Day: September 17, 2008

Hillary McCain-Obama

I’d like to put forward a new candidate. Her name is Hillary McCain-Obama, and she is perfect! She has all the credentials needed to be a great president. She is a wonderful legislator, has great military experience and projects a unifying and inspiring presence that mesmerizes not only people here in the United States, but all over the world. And as an African-American woman who is not trying to hide her grey hair, she is poised to make history. The point of this absurd exaggeration is to show that none of the presidential contenders is perfect for the role, but then, very few presidents were; the role is too demanding of people who want to fill it. The U.S. presidency involves many responsibilities and it is nearly impossible for one person to have the talents or the energy to be equally strong at all of them. No wonder Thomas Jefferson called the presidency a "splendid misery." A president must perform three main functions. He must be head of state, head of government, and commander-in-chief. Since each of these has elements that contradict the others, no one person can fit the bill. The head of state, in the words of Charles de Gaulle, should embody "the spirit of the nation." This person is the face of the country, the king surrogate, the symbol of the values for which the nation...

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Last Call for Global Policy Special Edition

The deadline is fast approaching… Topic areas under consideration include, but aren’t limited to: Energy, Environment and Sustainable Development; International Law and Security; Poverty Alleviation and Human Development; or any other topic in the international context. SUBMISSIONS ARE DUE BY September 19, 2008 Submissions should be between 2,500 and 5,000 words and contain a cover page with your name, e-mail address, and phone number. For more information, visit our Submission Guidelines...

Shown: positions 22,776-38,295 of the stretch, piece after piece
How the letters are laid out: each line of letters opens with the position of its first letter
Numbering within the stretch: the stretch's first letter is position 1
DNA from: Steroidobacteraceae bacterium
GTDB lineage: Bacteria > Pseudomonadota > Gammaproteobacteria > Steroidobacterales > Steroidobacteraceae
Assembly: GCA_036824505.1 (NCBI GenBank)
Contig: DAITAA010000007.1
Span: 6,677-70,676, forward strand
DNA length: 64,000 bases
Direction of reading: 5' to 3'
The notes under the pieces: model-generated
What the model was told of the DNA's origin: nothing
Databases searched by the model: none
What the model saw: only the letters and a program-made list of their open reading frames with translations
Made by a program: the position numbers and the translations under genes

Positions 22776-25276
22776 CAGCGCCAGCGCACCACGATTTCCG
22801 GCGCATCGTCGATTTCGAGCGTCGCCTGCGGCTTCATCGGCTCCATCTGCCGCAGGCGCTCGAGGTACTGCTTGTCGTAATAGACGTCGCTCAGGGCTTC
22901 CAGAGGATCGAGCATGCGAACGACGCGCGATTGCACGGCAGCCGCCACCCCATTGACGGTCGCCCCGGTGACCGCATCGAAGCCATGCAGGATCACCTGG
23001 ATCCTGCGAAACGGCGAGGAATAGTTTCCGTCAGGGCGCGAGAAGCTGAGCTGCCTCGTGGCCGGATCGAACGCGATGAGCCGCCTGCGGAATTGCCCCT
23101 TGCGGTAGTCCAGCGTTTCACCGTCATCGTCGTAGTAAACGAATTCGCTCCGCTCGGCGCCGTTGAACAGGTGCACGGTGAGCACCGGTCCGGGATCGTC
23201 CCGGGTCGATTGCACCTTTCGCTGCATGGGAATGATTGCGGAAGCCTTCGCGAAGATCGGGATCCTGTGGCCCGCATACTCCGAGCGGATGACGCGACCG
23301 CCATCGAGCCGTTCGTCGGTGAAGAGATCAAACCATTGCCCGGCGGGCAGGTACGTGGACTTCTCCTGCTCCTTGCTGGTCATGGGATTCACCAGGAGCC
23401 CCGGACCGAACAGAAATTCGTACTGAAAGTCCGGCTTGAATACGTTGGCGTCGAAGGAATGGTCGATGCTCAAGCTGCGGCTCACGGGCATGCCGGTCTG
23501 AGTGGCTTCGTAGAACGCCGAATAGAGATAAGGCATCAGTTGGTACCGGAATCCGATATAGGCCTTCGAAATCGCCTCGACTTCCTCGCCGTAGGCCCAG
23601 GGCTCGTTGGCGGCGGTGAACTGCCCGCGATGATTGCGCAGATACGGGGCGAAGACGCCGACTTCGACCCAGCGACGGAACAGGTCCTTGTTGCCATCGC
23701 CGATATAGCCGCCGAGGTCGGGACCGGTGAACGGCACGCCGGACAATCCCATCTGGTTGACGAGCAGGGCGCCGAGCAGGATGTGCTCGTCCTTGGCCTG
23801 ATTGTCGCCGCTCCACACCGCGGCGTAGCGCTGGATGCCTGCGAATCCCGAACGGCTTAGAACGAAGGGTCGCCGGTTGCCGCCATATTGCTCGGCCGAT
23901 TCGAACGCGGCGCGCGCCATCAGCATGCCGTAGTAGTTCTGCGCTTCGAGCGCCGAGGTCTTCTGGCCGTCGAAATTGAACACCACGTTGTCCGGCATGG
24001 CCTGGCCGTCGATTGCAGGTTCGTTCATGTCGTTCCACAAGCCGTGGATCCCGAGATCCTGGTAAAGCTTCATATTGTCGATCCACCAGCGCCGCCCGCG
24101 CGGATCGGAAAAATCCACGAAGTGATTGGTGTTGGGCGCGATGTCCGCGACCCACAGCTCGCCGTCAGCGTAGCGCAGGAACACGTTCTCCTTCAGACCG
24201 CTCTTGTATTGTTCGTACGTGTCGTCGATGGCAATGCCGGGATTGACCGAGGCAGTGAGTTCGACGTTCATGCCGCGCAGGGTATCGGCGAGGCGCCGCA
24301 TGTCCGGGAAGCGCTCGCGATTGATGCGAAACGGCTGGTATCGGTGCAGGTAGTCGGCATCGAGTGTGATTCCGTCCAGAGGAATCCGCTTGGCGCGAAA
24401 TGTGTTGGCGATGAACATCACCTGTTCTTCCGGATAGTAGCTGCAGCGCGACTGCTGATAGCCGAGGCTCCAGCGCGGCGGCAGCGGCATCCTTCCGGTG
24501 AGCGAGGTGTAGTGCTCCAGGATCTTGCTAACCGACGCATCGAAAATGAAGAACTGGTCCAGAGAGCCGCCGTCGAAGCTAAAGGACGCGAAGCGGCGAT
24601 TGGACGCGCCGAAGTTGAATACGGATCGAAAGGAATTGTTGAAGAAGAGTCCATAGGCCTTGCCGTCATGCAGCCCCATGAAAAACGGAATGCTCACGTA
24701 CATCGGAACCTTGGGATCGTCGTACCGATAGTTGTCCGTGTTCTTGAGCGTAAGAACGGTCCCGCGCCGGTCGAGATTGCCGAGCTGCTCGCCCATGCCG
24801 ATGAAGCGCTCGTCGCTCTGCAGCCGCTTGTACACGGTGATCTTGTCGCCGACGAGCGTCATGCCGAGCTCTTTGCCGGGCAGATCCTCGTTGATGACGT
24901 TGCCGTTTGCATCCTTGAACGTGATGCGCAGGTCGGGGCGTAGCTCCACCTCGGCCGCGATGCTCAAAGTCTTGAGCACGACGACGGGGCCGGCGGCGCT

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American-Style Science and Technology

The U.S. has a lot of failed policies concerning areas such as economics and foreign affairs, but it seems one place they seem to be able to get it right is with science and technology policy. The most apparent reason for this is that the government has a good policy when it comes to making science and technology policy: Don't make policies. Most of the current policy regarding science and technology is old. There is a patent system, and the government marks money for research efforts, which is the main vehicle of policymaking. There are occasions when the government decides that a policy decision is necessary on this front. Unfortunately, science and technology policymaking it is too often initiated for the wrong reasons, created ignorantly or without enough discussion, and executed poorly. Two recent examples of this effect are the whole body of legislation dealing with media rights, like the Digital Millennium Copyright Act (DMCA), and our current energy policies. In the case of the DMCA-like legislation, a powerful and wealthy industry whined and complained until the government responded by backing them up and trying to protect their interests. Unfortunately, this was the wrong way to handle the situation. The problem stems from media corporations’ defiance in the face of a changing market. In a knee-jerk reaction to a threat to their current business model, they tried to halt...

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